Medline ® Abstract for Reference 95
p53 is essential for chemotherapy-induced hair loss.
Botchkarev VA, Komarova EA, Siebenhaar F, Botchkareva NV, Komarov PG, Maurer M, Gilchrest BA, Gudkov AV
Cancer Res. 2000;60(18):5002.
Anticancer drugs stimulate apoptosis in the hair follicles (HF) and cause hair loss, the most common side effect of chemotherapy. In a mouse model for chemotherapy-induced hair loss, we demonstrate that p53 is essential for this process: in contrast to wild-type mice, p53-deficient mice show neither hair loss nor apoptosis in the HF keratinocytes that maintained active proliferation after cyclophosphamide treatment. HF in p53 mutants are characterized by down-regulation of Fas and insulin-like growth factor-binding protein 3 and by increased expression of Bcl-2. These observations indicate that local pharmacological inhibition of p53 may be useful to prevent chemotherapy-associated hair loss.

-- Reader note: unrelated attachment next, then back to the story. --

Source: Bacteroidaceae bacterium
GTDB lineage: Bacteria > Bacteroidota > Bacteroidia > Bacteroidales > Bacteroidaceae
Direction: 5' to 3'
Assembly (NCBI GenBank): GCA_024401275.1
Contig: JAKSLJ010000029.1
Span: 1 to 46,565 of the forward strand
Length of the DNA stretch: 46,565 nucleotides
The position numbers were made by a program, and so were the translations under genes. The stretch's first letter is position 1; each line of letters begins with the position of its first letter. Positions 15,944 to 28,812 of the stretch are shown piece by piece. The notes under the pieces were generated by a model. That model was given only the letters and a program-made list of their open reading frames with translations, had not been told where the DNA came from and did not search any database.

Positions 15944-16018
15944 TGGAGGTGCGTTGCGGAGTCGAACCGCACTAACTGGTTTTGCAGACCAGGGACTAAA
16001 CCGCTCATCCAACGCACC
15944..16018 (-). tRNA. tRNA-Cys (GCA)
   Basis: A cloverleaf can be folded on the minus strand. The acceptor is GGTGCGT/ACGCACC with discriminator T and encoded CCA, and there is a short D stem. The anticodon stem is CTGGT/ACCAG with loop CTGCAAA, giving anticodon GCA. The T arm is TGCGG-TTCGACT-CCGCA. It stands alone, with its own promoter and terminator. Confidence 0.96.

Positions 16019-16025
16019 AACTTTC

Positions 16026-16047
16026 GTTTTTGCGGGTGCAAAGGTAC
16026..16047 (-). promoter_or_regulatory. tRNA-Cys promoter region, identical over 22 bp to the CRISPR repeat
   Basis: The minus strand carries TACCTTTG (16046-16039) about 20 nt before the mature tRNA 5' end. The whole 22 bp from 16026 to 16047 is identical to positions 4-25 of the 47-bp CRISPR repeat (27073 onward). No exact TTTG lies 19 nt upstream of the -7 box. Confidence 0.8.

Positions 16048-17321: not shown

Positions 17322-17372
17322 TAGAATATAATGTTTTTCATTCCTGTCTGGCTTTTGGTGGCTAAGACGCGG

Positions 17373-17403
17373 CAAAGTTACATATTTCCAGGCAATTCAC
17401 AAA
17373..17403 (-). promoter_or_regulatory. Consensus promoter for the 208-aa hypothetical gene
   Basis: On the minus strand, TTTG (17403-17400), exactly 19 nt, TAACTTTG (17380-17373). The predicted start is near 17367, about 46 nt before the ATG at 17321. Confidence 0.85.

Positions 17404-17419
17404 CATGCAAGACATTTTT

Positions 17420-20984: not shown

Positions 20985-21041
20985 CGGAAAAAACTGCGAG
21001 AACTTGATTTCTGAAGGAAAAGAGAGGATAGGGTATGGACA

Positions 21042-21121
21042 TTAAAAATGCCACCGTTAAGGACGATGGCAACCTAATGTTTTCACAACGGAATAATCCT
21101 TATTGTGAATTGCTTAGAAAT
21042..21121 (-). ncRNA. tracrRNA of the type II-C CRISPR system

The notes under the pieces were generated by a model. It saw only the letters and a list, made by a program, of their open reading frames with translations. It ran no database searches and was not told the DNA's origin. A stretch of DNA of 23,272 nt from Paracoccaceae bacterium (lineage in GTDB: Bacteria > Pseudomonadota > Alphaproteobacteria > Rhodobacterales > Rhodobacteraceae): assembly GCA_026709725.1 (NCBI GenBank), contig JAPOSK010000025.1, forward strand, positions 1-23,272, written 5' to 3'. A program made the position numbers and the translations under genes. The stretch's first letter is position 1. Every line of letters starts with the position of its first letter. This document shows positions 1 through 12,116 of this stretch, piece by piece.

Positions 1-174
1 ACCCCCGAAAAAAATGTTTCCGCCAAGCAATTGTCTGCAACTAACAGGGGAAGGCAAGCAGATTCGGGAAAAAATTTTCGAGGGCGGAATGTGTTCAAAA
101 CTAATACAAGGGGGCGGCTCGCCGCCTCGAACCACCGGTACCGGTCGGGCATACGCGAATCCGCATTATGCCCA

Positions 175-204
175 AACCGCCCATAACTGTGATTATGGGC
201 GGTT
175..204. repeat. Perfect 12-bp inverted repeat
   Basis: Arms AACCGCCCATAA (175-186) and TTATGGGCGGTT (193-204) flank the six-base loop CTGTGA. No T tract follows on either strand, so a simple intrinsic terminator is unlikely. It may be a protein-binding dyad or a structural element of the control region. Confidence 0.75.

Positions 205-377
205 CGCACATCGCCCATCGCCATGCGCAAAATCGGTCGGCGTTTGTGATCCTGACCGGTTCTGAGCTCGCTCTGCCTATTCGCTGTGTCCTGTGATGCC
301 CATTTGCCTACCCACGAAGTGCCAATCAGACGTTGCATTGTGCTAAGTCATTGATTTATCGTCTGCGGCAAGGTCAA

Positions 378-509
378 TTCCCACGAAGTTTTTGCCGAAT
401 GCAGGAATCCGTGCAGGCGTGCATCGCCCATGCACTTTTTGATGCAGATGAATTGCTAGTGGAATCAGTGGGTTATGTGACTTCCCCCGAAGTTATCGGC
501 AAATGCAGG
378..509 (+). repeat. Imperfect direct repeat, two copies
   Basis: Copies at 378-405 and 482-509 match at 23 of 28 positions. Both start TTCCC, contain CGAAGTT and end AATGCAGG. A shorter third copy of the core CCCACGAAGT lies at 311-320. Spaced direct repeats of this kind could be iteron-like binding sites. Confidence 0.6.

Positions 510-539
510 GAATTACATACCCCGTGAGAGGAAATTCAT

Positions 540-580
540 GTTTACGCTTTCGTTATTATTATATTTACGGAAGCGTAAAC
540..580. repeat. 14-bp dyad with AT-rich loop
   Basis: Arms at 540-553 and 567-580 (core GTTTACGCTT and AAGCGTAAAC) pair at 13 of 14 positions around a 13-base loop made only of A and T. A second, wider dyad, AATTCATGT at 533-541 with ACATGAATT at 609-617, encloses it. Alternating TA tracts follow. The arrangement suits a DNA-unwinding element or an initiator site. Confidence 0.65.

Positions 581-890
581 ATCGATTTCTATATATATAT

Department of Dermatology, Boston University School of Medicine, Massachusetts 02118, USA. firstname.lastname@example.org